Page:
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The old man by the sea

20160713_134614I found him… the old man by the sea.  He really does exist.  But let me back up a little.  I just returned from a trip to Canada’s northeast corner, Nova Scotia.  My roaming imagination was full of ideas about Nova Scotia – ship wrecks (remember Titanic), superstitions, stories of Anne of Green Gables and old Victorian tales, and old churches and lighthouses covering the rugged sea coast.  And my imagination was not disappointed!  Whenever I travel, it’s more than just sightseeing for me.  I like to see the people who live there, hear their stories, and learn what they can teach us about their part of our world.  During these uncertain and sometimes fearful times that we live in, the old man by the sea taught me a lot.

Our tour bus unloaded on a small jutted island near Halifax, Nova Scotia just long enough for us to stop and take a picture of the scenery.  There were a few fishing boats, a small café, some old houses and a picturesque lighthouse.  As we walked up to the lighthouse with our cameras, there was an old man sitting on the front porch of his house that sat at the corner of the lighthouse.  We had to cross his yard to get to the lighthouse.

“Come on up!” he greeted everyone in a rusty old seaman’s voice.  He waved and smiled.  “Take as many pictures as you like.  You can walk in my yard.  Come on up and talk.”

And so we did.  Mr. Cutler was his name and he was 92 years old.  The row of small yellow houses next to the lighthouse has been in his family for generations.  With his long white beard and weathered face of an old sea captain, he sat in his chair at the helm of his front porch.  Whenever the tour buses rolled in, he would hang up a few handmade bags to sale, sit outside and greet the visitors to his island.  (My picture here doesn’t do him justice, but he is sitting in the white chair behind the pole with a homemade bag hanging on it, and the lighthouse in the background.)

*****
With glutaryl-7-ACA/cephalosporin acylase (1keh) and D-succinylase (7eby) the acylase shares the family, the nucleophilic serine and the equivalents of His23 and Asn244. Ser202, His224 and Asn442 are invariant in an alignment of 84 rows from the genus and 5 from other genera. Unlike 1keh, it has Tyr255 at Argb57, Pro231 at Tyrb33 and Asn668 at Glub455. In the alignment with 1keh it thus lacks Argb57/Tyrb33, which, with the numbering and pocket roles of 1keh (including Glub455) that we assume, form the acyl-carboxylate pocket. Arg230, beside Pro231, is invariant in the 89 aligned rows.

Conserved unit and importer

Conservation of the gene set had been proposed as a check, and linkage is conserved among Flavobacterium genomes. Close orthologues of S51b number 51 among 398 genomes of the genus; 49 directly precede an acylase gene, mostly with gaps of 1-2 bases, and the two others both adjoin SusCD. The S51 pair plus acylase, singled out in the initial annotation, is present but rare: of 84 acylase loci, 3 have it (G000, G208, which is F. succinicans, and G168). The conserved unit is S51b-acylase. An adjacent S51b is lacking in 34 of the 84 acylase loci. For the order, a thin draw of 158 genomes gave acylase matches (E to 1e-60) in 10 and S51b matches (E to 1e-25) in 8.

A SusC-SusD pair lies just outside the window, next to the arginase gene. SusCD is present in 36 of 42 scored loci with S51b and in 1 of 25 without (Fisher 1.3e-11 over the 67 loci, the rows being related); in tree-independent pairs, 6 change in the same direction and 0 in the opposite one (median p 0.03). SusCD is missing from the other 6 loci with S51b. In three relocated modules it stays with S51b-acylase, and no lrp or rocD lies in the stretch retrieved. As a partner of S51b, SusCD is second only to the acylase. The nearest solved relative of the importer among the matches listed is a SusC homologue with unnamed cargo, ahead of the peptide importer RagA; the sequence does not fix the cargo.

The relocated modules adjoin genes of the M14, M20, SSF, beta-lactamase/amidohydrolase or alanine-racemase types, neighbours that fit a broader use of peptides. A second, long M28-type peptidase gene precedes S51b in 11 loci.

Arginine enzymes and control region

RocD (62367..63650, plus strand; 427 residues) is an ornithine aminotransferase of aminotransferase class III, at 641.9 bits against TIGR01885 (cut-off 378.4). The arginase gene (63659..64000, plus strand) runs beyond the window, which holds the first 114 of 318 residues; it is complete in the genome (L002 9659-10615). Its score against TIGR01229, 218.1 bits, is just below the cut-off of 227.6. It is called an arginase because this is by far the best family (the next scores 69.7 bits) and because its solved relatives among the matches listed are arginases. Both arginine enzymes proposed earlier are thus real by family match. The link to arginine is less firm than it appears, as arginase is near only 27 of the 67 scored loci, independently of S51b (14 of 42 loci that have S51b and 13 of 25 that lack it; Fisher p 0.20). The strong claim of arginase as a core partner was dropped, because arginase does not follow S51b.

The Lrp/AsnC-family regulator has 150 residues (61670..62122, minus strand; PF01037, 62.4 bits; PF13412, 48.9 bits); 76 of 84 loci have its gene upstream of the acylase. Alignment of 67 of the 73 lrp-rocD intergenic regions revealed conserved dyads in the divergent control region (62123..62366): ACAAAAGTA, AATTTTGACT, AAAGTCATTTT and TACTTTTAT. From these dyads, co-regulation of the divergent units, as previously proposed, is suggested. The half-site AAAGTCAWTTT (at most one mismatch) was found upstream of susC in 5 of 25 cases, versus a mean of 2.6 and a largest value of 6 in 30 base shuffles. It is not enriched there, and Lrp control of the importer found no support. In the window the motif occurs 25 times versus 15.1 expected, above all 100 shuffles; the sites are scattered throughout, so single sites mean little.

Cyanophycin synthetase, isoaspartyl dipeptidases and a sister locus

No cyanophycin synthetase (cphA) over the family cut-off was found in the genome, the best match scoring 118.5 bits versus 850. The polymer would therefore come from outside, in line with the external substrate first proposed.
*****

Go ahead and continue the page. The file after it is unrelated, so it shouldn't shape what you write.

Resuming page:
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Mr. Cutler taught me a very important lesson that day.  He could have been bitter about all the loud and unruly tourists coming to his quiet island and stomping through his yard.  But instead, he embraced it and wanted to share what he had.  He knew he had something special.

Embrace Life.  It is to be shared.

For the rest of my trip through Nova Scotia and Quebec, I was quite amazed at all the churches I passed – old ones, elaborate ones, historical ones.  In earlier times, the people of northern Canada often had a hard life with harsh winters, but their faith and hope in God was very evident in a landscape dotted with churches.  It was said that the people never went more than ten miles without building a church so the families never had to travel more than five miles in either direction to get to church.  Here are some of my favorite ones that I saw along the way.

1-Halifax

2-Halifax (3)

The star constellation in the blue background of this church is confirmed to be the exact constellation on the day Jesus Christ was born.

3-angel4-sea(2)

5-Prince Edward Island (2)

6-bus

7-ship(2)

8-montreal      11-montreal(2)

This church with the round dome is the 3rd largest church in the world, from Montreal.

15-bus

No matter where you go, if you stop and look, you can always find evidence of
God’s Hope in the world.

feet with waves cropped

 

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